The bigger challenge is to get Universities to recruit and fund far more students from low and moderate income communities and from marginalized communities.

In a school like Fordham, or even Columbia and NYU, it means recruiting less students from gentrified urban areas and wealthy suburbs and more students from communities like the Bronx, Mount Vernon, or Southeast Queens.
It also means recruiting far more faculty of color, and faculty who WANT to teach students who are first in their families to go to college, from the huge pool of talented scholars our graduate programs have produced.
University administrators will resist these changes, not because they disagree with them, but because they will offend very powerful and wealthy donors and members of Boards of Trustees.
It is up to student, alumni and faculty to engage in protracted trench warfare, over years, not months, to change who universities hire as faculty and recruit as students.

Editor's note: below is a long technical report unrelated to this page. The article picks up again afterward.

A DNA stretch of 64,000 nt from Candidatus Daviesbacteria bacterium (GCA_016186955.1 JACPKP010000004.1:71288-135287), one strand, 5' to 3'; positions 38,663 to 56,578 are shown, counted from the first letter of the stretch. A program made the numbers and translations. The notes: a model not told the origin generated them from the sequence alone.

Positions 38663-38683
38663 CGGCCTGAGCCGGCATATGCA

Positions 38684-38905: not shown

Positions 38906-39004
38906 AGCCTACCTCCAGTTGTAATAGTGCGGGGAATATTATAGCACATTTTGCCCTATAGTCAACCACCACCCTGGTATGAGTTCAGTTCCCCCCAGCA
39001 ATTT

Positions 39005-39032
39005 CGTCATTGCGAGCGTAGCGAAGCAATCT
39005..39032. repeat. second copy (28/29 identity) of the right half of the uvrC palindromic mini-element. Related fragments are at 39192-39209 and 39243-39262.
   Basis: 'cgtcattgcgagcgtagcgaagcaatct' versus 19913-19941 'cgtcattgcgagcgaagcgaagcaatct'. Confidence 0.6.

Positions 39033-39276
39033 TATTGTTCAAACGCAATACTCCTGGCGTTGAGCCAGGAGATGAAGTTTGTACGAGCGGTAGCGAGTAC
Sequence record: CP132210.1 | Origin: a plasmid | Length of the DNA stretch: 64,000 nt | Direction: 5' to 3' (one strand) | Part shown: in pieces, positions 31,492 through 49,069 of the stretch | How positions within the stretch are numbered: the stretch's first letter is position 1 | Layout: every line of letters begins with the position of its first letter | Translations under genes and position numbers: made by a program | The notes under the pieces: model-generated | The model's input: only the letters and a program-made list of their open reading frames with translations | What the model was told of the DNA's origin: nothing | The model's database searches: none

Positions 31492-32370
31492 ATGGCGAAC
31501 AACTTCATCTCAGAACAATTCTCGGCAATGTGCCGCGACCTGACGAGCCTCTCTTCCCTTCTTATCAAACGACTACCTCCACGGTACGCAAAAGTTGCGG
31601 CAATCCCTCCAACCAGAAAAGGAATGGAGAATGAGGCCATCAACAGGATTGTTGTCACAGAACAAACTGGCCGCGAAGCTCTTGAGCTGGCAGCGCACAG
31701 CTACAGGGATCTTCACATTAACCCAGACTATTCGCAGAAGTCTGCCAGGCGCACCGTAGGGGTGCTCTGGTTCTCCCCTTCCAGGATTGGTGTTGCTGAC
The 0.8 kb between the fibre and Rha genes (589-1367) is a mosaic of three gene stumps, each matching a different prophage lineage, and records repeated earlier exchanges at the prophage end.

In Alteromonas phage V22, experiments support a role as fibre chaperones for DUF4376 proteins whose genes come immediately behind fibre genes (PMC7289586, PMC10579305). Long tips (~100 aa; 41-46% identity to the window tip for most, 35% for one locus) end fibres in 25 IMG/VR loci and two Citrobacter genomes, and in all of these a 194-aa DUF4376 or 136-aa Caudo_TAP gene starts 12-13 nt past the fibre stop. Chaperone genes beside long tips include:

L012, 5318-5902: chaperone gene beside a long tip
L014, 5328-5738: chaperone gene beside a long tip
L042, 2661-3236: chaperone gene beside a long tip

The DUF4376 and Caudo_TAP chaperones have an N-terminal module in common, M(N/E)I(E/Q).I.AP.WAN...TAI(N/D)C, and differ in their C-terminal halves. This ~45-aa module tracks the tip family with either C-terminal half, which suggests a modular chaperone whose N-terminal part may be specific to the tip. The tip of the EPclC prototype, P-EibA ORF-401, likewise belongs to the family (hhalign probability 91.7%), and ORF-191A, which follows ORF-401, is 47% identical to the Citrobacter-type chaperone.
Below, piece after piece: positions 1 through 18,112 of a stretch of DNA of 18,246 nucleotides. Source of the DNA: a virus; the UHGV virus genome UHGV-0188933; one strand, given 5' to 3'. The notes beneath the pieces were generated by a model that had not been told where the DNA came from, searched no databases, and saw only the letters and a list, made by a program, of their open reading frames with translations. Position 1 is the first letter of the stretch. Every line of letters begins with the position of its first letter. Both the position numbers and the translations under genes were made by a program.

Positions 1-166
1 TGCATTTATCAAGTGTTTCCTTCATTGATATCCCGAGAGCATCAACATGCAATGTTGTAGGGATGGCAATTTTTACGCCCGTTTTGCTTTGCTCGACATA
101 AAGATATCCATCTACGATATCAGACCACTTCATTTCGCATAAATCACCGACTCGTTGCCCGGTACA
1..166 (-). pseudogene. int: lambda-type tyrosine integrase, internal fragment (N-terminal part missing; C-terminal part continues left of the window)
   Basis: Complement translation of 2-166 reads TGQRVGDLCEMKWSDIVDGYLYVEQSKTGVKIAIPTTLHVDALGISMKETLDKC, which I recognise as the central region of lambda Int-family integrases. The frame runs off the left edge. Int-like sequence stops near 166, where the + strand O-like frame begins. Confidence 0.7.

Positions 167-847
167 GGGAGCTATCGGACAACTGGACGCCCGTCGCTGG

Whether the current movement has this kind of stamina and staying power only time will tell

Preparing Our Children for a Grim Future By Insuring They Are Unhappy in School

When I look at educational programs designed for public school children, especially children in high poverty neighborhoods, almost all of them seem punitive and socially isolating. They involve monitoring students education progress through computers and tests and requiring them to sit in one place for long periods of time, all to get students ready for a future where they going to be asked to work in conditions which are equally alienating and isolating.
Clearly most policy makers imagine a grim future for most of our school children and are trying to get them ready for that through creating a grim present
Think I am exaggerating?
Then ask yourself, where are the Congressional bills promoting recess, play, arts, sports and, school trips or encouraging schools to nurture mechanical skills.